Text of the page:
Friday, May 20, 2005


From the Guardian: "Satellite photos and other data showed that ranchers, loggers and especially soy bean farmers felled more than 10,000 square miles [of Brazilian rainforest]."

Wednesday, May 18, 2005


Galloway vs. Hitchens

As the Guardian correctly notes, the "Mr. Galloway Goes To Washington" show was much more about political theater than about exploration of facts. But man oh man, was it really really good political theater (do read a transcript of the show here). And not only did Galloway eviscerate Norm Coleman, but he took a jab or two at one Christopher Hitchens as well.
Before the hearing began, the Respect MP for Bethnal Green and Bow even had some scorn left over to bestow generously upon the pro-war writer Christopher Hitchens. "You're a drink-soaked former Trotskyist popinjay," Mr Galloway in formed him. "Your hands are shaking. You badly need another drink," he added later, ignoring Mr Hitchens's questions and staring intently ahead. "And you're a drink-soaked ..." Eventually Mr Hitchens gave up. "You're a real thug, aren't you?" he hissed, stalking away.
Because seriously folks, you don't hear the term "popinjay" used as much (and used so appropriately, I might add) as you should here in Washington. You gotta love it.

UPDATE [16 September 2005]: Ok, so I realized that people were coming to this post thinking that it is about the recent Hitchens-Galloway debate. Let me just say that I'm listening to this debate over the internet right now. And let me recommend against doing the same. Honestly, I haven't gotten to Galloway yet, but Hitchens has started off the debate by talking about things that "would have" happened if the anti-war movement had its way or if we hadn't invaded Iraq and on and on. Sorry, if you are going to debate, let's have some reasoned arguments, not counter-historical propositions thrown out as indisputable fact. I can't imagine Galloway has anything worthwhile to contribute, either, and I'm not sure I'm willing to listen to 15 minutes of Hitchens to get there.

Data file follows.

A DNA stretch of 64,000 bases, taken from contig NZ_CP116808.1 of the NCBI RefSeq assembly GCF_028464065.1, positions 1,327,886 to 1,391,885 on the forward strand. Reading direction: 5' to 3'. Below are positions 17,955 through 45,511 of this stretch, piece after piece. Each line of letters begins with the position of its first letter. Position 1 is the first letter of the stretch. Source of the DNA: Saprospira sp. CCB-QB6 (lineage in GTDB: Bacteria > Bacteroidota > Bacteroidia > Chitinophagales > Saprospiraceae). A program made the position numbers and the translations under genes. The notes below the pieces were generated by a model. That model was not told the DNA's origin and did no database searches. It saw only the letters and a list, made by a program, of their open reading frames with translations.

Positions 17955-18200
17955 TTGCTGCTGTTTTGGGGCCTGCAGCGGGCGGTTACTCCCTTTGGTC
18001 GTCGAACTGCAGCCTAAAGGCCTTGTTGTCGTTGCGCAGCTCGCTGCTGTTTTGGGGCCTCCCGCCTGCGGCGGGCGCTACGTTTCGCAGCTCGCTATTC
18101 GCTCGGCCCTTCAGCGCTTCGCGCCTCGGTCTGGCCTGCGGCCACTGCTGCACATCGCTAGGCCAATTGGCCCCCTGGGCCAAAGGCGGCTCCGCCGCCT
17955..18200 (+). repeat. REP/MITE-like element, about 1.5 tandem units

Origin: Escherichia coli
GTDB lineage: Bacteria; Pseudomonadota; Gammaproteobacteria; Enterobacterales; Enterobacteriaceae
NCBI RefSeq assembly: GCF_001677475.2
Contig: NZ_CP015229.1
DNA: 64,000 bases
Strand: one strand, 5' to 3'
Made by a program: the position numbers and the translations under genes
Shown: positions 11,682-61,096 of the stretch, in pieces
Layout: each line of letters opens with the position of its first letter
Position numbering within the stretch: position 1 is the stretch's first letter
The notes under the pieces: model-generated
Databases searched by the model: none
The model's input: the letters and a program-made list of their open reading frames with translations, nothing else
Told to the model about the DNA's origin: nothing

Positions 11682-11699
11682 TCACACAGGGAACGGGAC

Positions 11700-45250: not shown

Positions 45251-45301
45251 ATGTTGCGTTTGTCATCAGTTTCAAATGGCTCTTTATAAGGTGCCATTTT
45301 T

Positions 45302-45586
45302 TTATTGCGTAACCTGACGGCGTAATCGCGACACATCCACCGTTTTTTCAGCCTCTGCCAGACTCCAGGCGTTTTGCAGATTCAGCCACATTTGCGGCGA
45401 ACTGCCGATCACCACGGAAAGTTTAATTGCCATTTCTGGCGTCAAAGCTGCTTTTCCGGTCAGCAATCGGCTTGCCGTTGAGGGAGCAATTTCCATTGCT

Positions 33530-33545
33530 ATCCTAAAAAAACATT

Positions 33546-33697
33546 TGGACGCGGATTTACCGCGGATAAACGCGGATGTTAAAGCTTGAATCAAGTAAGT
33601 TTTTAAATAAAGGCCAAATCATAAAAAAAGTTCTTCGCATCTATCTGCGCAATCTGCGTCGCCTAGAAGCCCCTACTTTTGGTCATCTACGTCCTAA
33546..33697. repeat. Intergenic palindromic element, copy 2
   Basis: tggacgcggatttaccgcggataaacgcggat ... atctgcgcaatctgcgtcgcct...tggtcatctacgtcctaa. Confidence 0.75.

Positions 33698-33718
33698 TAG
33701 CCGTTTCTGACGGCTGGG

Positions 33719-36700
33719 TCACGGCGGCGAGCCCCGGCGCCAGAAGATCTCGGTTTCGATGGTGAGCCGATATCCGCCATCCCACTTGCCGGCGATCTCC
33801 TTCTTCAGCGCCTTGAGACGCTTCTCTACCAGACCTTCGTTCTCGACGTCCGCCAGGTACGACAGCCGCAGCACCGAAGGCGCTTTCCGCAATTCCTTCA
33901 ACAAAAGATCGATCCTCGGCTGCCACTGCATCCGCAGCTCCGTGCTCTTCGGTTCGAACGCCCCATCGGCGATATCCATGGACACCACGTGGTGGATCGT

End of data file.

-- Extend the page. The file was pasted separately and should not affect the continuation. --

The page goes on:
Poppies. (photo by my dad)


What a farce!

I'll be the first to admit that my knowledge of the Sami al-Arian case is pretty minimal. I know that al-Arian was a computer engineering professor at the University of South Florida and that he set up an Islamic think-tank type operation and that he is accused of using this think-tank to fundraise for Islamic Jihad. I don't know much more than that, so this has nothing to do with whether I think al-Arian is guilty or innocent. This is about turning a trial that should ideally be dispassionate and thoughtful into a circus. According to Ha'aretz:
Some 100 survivors of terror attacks, relatives of those killed, police investigators, Magen David Adom paramedics, and ZAKA volunteers will testify in what American authorities regard as the most important terrorist trial in the United States since the September 11, 2001 attacks.

The group will be flown to Tampa, Florida early next month to serve as prosecution witnesses in the trial of four Arab-Americans accused of belonging to Islamic Jihad and raising funds to finance terror attacks, including some that took place in Israel. . . .